1 1/2 cups sour cream

Directions:
In the pressure cooker, heat oil over medium heat on the “brown” setting until hot.

Pepper both sides of the pork chops and brown, a few at a time; set aside.

Add water and chicken bouillon to the pot, scraping to deglaze the pan.

Add pork chops back into the pressure cooker.

Secure the lid on the pressure cooker, and set timer for 8 minutes. Start the pot. When time runs out, release the pressure.

When there’s no more steam, open the pressure cooker. Add sour cream and cream of mushroom soup; stir. Leave on warm until heated through. Serve immediately with hot noodles or rice.

Serves 6

Nutritional Information: Calories Per Serving: 560, Calories from Fat: 333, Fat: 35 g (13 g Saturated Fat), Cholesterol: 151 mg, Sodium: 675 mg, Carbohydrates: 26 g, Fiber: 5 g, Sugar: 3 g, Protein: 47 g.

View this recipe to print or add items to My Shopping List.



Product Talk: Brookshire’s French Fried Onions


Brookshire’s French Fried OnionsI can neither confirm nor deny that one year I had to make a Thanksgiving Day run to the local convenience store for more French Fried Onions. You see, I may, or may not, have eaten most of the can before they went atop the green bean casserole.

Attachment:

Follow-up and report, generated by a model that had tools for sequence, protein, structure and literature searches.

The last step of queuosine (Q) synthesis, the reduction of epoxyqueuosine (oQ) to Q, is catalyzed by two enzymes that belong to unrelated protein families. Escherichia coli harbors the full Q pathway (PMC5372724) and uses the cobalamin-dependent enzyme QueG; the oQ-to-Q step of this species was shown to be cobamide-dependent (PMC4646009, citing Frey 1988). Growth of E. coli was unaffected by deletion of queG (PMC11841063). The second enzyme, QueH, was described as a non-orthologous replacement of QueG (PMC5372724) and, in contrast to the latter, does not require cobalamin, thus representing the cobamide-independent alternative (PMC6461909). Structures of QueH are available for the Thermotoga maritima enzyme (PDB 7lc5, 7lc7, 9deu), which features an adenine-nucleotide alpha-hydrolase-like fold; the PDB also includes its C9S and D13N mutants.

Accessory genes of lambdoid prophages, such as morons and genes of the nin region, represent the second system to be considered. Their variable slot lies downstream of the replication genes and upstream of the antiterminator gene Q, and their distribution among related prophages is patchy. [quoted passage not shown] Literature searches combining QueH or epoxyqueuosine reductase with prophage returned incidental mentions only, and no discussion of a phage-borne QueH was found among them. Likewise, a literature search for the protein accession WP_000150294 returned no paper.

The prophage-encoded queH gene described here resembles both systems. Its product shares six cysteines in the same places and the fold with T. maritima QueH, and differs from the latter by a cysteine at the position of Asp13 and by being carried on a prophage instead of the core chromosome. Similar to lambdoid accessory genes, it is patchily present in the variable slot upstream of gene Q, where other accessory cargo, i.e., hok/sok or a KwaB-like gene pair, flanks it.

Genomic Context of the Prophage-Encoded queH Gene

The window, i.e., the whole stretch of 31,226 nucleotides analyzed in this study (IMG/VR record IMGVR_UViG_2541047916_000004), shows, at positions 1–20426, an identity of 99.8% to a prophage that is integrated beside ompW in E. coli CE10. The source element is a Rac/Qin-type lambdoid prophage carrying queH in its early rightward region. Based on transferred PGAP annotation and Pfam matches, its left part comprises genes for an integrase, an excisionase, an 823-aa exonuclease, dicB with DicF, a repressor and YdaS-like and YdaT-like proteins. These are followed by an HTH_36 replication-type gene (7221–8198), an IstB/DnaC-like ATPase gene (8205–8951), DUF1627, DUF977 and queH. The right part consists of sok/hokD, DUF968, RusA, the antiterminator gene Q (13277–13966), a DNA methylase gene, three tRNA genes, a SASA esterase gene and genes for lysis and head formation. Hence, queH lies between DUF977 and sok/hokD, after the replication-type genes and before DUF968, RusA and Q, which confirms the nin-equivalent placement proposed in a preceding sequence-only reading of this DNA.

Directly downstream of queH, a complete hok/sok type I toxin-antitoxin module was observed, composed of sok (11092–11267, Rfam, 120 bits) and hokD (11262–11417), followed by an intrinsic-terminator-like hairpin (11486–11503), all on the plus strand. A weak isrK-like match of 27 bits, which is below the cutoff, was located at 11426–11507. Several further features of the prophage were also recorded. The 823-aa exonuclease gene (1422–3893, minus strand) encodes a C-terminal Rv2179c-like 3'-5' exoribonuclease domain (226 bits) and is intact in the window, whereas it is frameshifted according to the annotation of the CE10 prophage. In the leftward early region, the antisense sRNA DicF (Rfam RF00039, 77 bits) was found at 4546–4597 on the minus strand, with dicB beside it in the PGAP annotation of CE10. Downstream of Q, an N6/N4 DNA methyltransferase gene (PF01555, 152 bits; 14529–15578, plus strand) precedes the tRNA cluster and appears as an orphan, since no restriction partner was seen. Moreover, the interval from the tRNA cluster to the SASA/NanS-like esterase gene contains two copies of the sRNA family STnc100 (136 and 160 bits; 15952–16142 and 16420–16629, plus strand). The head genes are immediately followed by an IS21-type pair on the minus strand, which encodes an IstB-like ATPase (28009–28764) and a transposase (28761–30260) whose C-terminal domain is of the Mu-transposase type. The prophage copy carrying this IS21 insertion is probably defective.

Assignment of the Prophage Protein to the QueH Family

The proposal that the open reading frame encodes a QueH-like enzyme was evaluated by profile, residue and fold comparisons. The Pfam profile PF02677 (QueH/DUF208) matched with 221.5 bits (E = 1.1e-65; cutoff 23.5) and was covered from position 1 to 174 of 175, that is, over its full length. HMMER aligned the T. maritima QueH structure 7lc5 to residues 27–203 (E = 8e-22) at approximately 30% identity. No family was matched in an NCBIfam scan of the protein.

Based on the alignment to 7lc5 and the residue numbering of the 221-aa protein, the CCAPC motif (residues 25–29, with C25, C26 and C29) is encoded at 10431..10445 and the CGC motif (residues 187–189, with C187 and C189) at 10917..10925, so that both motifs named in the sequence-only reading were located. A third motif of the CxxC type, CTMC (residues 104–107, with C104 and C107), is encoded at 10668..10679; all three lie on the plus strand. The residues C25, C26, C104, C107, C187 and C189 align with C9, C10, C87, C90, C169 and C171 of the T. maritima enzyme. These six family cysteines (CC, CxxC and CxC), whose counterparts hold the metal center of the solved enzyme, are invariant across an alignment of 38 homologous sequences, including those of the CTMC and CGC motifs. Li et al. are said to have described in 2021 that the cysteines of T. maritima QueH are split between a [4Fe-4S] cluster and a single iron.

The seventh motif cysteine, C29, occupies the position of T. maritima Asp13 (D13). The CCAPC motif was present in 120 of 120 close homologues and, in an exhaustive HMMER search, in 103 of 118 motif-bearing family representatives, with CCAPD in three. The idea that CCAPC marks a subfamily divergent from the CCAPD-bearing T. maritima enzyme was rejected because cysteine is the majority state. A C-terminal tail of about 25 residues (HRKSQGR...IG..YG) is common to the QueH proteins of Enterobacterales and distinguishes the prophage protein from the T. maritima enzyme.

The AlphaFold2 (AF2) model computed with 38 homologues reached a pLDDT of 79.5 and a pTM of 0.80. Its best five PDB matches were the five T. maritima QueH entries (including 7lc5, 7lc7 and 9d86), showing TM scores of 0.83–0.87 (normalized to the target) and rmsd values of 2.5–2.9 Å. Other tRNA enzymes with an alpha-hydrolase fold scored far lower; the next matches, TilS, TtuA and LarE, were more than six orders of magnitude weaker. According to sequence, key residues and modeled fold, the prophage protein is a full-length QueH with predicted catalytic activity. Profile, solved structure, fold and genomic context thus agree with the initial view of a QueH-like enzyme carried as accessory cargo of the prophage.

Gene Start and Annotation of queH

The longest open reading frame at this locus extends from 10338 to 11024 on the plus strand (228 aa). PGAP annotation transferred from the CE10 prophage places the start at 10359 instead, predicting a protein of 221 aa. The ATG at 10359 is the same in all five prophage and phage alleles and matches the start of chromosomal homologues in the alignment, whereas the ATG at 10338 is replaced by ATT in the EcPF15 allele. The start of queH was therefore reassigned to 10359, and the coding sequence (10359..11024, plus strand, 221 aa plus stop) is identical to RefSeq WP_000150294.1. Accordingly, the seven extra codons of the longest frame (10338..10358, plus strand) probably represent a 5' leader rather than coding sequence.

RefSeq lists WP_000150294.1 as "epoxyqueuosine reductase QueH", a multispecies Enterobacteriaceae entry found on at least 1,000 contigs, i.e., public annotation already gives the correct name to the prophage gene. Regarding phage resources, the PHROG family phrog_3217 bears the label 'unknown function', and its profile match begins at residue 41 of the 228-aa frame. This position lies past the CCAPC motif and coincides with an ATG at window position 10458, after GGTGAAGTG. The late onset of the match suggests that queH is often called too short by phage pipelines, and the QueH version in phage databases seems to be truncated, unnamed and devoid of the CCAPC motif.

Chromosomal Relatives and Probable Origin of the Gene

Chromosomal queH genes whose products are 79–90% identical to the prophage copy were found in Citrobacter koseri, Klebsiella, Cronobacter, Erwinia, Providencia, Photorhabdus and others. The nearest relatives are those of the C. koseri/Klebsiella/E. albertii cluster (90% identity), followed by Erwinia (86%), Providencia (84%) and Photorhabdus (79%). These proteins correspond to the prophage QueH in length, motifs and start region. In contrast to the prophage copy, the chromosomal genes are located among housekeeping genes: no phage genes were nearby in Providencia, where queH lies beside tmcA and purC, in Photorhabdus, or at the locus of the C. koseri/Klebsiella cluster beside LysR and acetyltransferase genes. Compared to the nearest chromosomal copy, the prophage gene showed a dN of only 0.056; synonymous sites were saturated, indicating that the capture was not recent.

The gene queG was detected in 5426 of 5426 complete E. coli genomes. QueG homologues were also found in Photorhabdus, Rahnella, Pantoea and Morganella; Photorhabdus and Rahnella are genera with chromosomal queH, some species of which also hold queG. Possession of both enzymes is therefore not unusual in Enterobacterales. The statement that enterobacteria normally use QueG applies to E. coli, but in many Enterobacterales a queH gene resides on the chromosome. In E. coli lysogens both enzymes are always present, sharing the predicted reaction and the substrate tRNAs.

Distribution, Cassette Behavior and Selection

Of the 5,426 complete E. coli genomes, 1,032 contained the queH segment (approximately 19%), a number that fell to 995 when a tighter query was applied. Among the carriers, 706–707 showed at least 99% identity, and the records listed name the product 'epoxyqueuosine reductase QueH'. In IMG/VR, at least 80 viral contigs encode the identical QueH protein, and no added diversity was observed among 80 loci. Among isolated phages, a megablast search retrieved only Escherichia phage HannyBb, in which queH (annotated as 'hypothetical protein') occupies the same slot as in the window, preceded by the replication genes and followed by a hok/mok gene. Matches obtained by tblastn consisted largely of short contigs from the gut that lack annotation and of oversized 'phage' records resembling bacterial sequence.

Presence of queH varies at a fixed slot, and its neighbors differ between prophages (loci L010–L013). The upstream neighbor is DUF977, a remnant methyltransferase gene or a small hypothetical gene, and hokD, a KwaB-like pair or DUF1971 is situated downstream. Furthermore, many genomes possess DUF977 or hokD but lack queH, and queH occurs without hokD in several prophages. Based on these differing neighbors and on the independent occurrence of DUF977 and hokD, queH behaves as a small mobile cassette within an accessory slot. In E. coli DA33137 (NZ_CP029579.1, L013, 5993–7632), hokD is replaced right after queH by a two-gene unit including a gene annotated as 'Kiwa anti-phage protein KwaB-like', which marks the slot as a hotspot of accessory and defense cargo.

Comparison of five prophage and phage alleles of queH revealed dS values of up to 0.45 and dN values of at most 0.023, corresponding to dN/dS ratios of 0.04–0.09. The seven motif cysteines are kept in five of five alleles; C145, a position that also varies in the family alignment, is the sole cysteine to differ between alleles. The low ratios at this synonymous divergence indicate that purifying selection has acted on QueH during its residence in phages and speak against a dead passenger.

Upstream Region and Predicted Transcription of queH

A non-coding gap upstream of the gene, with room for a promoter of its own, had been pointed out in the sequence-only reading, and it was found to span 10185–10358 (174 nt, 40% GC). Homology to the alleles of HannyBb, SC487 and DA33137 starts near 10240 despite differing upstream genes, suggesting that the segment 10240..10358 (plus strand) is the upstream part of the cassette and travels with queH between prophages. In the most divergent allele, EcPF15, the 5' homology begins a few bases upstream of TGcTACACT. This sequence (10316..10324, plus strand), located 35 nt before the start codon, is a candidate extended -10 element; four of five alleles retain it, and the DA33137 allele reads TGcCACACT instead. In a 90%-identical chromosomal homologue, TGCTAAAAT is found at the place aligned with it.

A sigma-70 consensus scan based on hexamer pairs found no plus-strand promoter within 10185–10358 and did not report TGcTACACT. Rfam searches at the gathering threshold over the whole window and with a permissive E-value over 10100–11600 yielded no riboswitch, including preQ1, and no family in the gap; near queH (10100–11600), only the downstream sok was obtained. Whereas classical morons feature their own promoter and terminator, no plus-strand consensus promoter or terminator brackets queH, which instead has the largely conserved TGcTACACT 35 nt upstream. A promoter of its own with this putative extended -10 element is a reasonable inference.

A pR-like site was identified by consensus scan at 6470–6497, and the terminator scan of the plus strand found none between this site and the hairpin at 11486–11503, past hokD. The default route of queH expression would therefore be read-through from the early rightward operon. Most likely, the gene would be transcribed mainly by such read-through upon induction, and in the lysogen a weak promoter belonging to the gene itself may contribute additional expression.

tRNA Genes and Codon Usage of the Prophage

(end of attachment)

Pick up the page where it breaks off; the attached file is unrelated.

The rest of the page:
Luckily, Brookshire’s stocks extra French Fried Onions early in the season (although you can also find them on the shelves all year long), so now I’ve learned to make more than just the Thanksgiving green bean casserole with French Fried Onions.

French Fried Onions are exactly that – crunchy little bits of fried onion. Like an onion ring, but crunchier. They’re great for topping a casserole, a salad, as a coating for chicken or pork, or eating straight out of the can, or so I heard.

I’d buy more than one can, if I were you.



Dine In: Chile Relleno Soup


Chile Relleno SoupThere was a time when I made it my mission to taste every chile relleno at every Mexican restaurant in a 100-mile radius.

I think I was pretty successful; there’s really no more relleno dishes left that I haven’t taste-tested. I know to avoid the soggy, greasy dish at one certain restaurant. I know that at another, the golden, crisp goodness and gooey cheese is what I’m going to eat before I even open the menu.

I’ve tried making chile rellenos at home, with varying degrees of success.

However, this soup highlights the essence of the dish, without having to deep-fry anything.